The nearest cinemas are in Szeged (1h 20m by car – 95 km) or Pécs (1h 35m by car – 120 km) or there is a little one with less programmes in Kiskunhalas (55m by car – 62 km).
Who was behind the implementation?
The inspiration came from Mária Ramháb, the director of the county library (Bács-Kiskun József Katona County Library) who has personal connections to the settlement.
The mayor of the village and the local librarian saw the opportunity in her ideas and started the planning of the complex development.
Implementation of the initiative locally was also tied in with a national Library Cinema initiative launched by the National Informatics and Library Association together with Kecskemét Movie Ltd and coordinated at regional level by the Bács-Kiskun József Katona County Library.
What was the local journey?
In 2010, Katymár modernised its municipal library. An old building of the local school was renovated so that three former classrooms were connected in order to create a single space of 145m2 to house the library and also be adaptable to other community functions. The library was specially designed with easy-to-move furniture. The bookshelves are only against to the walls, whilst the tables and chairs in the middle space can be rearranged in a few movements.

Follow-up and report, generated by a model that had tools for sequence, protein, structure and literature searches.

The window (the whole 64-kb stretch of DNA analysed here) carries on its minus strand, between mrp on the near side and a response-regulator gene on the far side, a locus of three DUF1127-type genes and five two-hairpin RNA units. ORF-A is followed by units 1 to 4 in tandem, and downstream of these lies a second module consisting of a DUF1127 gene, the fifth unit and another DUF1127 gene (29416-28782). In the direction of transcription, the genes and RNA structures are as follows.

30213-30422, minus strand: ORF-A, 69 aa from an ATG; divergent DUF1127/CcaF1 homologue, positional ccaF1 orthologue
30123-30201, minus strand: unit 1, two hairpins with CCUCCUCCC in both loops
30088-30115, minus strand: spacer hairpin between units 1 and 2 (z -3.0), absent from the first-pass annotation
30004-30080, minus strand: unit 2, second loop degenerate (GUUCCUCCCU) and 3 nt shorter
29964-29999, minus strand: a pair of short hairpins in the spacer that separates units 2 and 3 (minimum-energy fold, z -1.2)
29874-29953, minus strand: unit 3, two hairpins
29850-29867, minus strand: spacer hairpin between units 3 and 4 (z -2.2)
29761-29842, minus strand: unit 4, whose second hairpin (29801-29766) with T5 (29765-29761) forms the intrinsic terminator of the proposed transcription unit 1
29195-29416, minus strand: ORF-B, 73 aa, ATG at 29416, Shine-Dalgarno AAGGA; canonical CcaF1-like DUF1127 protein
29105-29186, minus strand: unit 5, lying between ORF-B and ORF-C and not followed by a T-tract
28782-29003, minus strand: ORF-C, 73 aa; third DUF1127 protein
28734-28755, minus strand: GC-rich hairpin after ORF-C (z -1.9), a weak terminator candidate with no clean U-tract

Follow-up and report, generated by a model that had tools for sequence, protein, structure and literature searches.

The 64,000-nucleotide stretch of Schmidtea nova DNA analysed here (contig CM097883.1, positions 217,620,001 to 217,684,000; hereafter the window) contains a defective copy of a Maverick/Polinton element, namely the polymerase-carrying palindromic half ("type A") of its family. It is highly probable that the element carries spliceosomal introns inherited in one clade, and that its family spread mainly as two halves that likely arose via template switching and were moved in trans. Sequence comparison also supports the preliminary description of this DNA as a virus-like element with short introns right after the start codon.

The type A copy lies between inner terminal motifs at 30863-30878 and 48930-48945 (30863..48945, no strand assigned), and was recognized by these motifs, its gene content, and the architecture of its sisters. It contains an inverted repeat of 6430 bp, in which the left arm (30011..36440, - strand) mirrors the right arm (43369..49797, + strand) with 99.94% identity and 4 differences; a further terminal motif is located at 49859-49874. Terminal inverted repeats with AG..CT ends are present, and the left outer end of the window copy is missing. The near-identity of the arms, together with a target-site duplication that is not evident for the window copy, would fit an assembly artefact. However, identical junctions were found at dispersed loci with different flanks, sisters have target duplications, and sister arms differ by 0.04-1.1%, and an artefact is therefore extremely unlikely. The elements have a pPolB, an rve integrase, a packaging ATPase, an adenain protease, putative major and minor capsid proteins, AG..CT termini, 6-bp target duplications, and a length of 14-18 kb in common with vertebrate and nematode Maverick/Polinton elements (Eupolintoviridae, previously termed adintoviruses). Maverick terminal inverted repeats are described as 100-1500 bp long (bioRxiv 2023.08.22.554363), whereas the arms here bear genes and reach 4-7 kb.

In 2015, Katymár public library was one of the first to connect to a new national Library Cinema initiative in Hungary, which is a national service offered to the libraries of small settlements with a population less than 5,500. Katymár registered on a central service portal and the librarian received a personal code to access and choose from an ever-expanding database on the Library Cinema portal - currently containing more than 750 Hungarian films offered by various Hungarian film studios and copyright organisations - without having to worry about copyrights and licences to project the films. Through this initiative, the screenings can only take place in the library area, it is not allowed to be screened in other places (e.g. the culture centre).
Training was provided to library staff:
- for the operation of technical equipment;
- for use the Library Cinema Portal; and
- about the necessary data and information for uploading images.
On an ongoing basis, there is further regular in-service training to improve the service.